Video, Slides & Readings for Sackler Lecture on Media & Science Policy Debates
On Tuesday, May 22, I delivered a lecture as part of the National Academies' Sackler Colloquium on the "Science of Science Communication," reviewing the role of the media in science policy debates. The video of the lecture along with those of my fellow panelists Dominique Brossard and William Eveland is now available online.
The lectures begin following brief introductions by Ralph Cicerone, president of the National Academies, and Dietram Scheufele, co-organizer of the event.
I have also posted online the slides for download. Below is a reading list specific to key subjects covered in my talk.
I am back from travel on June 6 and will have much more to say about the many outstanding presentations from leading researchers in the fields of decision science and communication.
Overviews on Communication and Science Policy Debates
Agenda-Setting and Framing Effects on News Audiences
Agenda-Building, Frame-Building, and Journalistic Decisions
Perceptions and Analysis of False Balance in Science Coverage
Elite Cues, Polarization, and Public Perceptions
Framing, Audience Segmentation, and Public Engagement on Climate Change
Reading Lists and Student Blog Posts from Relevant Courses at American University
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How you talk to people with drug addiction might save their life.
- Addiction is a learning disorder; it's not a sign that someone is a bad person.
- Tough love doesn't help drug-addicted people. Research shows that the best way to get people help is through compassion, empathy and support. Approach them as an equal human being deserving of respect.
- As a first step to recovery, Maia Szalavitz recommends the family or friends of people with addiction get them a complete psychiatric evaluation by somebody who is not affiliated with any treatment organization. Unfortunately, warns Szalavitz, some people will try to make a profit off of an addicted person without informing them of their full options.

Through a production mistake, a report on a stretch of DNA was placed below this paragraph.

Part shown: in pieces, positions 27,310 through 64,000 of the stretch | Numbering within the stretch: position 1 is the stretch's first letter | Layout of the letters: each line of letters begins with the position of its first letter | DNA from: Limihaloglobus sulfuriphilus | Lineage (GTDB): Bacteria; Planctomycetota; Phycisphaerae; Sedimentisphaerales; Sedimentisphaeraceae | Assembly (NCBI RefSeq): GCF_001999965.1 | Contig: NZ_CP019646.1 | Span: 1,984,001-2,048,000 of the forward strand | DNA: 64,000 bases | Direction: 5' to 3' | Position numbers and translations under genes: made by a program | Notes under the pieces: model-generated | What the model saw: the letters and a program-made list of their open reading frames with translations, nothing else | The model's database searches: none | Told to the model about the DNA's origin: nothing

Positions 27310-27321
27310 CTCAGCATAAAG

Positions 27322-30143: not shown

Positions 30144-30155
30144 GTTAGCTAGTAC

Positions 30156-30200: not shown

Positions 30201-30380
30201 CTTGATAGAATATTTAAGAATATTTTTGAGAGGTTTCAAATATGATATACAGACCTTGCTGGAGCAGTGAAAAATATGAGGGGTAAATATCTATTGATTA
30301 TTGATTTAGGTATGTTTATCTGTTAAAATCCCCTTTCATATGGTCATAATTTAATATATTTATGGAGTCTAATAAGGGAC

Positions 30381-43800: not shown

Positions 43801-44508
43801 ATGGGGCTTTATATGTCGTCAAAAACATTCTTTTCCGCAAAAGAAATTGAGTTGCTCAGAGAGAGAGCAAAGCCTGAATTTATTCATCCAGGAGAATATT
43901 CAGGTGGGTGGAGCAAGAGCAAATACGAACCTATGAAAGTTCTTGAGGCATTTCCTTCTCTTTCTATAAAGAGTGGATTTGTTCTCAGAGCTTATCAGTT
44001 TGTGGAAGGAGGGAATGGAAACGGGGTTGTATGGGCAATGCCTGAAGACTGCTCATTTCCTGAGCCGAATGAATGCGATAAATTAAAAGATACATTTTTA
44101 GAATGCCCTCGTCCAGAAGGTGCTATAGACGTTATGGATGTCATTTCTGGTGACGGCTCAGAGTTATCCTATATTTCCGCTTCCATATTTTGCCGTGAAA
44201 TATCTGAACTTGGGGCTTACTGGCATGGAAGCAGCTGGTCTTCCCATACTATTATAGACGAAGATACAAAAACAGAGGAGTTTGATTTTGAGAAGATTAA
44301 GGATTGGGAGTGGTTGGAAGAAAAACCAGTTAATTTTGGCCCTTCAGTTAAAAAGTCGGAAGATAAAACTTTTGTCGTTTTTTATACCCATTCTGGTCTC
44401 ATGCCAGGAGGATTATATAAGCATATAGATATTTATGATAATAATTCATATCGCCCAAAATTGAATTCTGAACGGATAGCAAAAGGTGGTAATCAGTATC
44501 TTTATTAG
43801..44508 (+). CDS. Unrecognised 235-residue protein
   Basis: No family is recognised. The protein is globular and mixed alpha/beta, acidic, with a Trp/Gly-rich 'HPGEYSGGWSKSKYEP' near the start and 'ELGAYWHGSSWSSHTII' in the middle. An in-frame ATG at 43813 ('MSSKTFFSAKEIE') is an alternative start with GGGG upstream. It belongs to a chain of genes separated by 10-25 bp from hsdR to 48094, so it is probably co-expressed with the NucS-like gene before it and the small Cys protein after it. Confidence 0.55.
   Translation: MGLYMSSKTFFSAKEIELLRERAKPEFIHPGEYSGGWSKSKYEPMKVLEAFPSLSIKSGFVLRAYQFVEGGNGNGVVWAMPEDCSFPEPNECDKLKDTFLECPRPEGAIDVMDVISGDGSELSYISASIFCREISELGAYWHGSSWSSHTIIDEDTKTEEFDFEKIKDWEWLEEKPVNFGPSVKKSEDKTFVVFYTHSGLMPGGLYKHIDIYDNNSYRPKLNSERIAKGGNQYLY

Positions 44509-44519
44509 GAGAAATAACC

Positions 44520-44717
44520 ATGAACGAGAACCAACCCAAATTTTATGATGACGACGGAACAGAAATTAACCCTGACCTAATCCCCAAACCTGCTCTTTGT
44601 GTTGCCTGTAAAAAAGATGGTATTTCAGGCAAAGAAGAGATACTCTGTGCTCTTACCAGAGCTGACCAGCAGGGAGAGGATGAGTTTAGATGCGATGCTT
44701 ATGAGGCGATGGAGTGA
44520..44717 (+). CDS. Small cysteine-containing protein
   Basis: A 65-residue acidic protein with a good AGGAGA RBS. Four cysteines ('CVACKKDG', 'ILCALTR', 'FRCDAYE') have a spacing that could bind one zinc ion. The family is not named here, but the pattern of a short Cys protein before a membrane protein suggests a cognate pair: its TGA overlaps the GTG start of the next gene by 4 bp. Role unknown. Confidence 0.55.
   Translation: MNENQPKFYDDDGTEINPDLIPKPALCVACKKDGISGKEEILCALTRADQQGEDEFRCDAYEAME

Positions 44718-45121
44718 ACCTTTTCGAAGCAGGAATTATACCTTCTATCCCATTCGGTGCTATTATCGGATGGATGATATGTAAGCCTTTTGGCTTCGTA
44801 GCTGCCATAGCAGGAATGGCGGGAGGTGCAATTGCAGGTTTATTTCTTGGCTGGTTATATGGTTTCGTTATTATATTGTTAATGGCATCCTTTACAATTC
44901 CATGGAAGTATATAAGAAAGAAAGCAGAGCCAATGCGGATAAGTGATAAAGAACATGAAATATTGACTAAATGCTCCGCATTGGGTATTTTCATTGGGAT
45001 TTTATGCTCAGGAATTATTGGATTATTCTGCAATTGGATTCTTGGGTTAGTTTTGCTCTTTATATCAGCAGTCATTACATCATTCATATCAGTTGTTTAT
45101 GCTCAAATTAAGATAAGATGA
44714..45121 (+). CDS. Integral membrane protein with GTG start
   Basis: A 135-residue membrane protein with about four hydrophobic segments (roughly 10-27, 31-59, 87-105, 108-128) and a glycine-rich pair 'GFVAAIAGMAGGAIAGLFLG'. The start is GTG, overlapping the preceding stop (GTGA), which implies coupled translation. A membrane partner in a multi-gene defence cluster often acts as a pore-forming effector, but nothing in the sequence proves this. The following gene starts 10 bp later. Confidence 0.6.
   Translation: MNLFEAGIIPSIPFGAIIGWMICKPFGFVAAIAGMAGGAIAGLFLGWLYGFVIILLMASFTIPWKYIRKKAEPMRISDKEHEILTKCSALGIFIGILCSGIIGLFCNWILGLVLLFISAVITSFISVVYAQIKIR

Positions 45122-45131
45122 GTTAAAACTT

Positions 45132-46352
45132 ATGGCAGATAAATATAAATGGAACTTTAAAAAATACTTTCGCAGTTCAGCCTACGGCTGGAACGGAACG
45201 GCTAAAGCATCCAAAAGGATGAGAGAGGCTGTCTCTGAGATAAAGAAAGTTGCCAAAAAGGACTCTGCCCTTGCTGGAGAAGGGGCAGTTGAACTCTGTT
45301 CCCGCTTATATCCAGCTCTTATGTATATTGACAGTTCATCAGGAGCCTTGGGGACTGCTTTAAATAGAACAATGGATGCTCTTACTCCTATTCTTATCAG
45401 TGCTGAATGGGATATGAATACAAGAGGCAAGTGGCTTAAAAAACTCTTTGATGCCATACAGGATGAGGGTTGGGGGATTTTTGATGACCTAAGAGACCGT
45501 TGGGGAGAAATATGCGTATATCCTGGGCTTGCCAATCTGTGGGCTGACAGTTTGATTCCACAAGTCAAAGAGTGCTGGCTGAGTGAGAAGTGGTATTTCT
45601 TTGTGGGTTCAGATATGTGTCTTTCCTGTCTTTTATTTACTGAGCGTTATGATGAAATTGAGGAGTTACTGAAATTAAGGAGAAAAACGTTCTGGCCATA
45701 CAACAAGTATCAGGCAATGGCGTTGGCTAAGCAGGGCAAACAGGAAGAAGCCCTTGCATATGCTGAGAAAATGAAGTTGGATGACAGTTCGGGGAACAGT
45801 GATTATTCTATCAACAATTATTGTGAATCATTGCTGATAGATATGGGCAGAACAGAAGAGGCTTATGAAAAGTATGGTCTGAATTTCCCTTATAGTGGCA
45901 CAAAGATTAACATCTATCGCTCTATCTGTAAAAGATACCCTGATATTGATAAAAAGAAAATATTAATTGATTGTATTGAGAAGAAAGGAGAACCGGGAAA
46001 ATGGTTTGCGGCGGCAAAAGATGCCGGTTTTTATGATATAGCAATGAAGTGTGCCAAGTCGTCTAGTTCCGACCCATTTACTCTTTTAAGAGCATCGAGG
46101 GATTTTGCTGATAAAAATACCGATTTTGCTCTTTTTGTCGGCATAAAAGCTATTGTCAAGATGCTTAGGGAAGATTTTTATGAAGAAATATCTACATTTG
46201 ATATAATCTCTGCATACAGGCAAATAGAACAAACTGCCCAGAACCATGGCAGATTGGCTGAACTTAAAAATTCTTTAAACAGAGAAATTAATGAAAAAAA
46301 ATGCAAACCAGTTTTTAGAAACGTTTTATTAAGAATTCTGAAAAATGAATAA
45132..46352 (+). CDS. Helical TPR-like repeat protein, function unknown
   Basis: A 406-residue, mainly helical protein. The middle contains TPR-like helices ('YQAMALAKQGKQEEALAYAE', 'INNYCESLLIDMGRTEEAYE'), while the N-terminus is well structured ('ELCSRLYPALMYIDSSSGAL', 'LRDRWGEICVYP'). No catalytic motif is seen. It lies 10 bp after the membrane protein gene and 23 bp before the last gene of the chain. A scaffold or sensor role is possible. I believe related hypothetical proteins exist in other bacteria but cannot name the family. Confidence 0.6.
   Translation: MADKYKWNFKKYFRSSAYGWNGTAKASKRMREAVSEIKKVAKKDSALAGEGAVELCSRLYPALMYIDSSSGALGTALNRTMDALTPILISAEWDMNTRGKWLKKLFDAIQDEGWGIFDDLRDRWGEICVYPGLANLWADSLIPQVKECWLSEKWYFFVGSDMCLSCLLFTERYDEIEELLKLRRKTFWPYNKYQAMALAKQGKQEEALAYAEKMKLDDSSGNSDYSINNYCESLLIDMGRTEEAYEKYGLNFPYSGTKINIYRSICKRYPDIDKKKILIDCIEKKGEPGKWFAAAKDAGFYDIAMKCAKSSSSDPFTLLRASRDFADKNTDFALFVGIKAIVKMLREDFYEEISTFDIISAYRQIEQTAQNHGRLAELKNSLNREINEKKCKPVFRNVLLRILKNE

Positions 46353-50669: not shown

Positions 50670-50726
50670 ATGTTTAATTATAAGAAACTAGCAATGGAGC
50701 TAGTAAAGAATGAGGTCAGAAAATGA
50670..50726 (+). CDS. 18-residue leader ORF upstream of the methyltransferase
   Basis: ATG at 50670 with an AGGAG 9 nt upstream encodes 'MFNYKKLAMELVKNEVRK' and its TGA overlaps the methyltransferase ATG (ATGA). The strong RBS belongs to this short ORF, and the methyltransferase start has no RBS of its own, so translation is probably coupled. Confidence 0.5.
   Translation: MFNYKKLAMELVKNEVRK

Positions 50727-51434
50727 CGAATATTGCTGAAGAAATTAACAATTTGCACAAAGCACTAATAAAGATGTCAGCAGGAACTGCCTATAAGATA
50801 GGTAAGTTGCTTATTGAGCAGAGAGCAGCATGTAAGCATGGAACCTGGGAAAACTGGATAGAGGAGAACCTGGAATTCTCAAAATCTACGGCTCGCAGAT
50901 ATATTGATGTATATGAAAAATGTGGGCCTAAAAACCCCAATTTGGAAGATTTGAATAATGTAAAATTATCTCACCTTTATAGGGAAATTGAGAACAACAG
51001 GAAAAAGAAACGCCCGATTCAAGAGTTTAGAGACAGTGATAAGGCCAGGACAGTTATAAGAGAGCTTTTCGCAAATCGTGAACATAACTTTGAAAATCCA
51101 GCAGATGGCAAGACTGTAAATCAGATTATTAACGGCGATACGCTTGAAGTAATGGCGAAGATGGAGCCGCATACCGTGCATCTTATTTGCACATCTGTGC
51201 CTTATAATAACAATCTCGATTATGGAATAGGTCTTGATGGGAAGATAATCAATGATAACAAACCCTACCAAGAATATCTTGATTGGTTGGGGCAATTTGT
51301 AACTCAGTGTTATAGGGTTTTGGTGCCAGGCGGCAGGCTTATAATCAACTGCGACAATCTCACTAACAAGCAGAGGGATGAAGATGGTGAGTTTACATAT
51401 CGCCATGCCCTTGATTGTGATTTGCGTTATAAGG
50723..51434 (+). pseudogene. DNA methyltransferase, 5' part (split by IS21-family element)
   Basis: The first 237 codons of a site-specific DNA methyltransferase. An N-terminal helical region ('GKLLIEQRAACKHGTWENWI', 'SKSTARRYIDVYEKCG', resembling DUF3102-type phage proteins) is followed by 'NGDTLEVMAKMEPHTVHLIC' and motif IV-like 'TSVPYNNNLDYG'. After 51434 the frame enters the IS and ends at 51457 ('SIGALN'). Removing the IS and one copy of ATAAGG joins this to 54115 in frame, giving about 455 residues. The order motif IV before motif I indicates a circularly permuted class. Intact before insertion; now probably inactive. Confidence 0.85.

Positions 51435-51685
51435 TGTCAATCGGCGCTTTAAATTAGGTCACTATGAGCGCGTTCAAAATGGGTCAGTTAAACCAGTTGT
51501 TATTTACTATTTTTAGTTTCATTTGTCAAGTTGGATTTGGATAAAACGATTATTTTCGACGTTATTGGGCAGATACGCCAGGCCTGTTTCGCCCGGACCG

The rise of anti-scientific thinking and conspiracy is a concerning trend.
- Fifty years later after one of the greatest achievements of mankind, there's a growing number of moon landing deniers. They are part of a larger trend of anti-scientific thinking.
- Climate change, anti-vaccination and other assorted conspiratorial mindsets are a detriment and show a tangible impediment to fostering real progress or societal change.
- All of these separate anti-scientific beliefs share a troubling root of intellectual dishonesty and ignorance.
China's Chang'e 4 biosphere experiment marks a first for humankind.
- China's Chang'e 4 lunar lander touched down on the far side of the moon on January 3.
- In addition to a lunar rover, the lander carried a biosphere experiment that contains five sets of plants and some insects.
- The experiment is designed to test how astronauts might someday grow plants in space to sustain long-term settlements.
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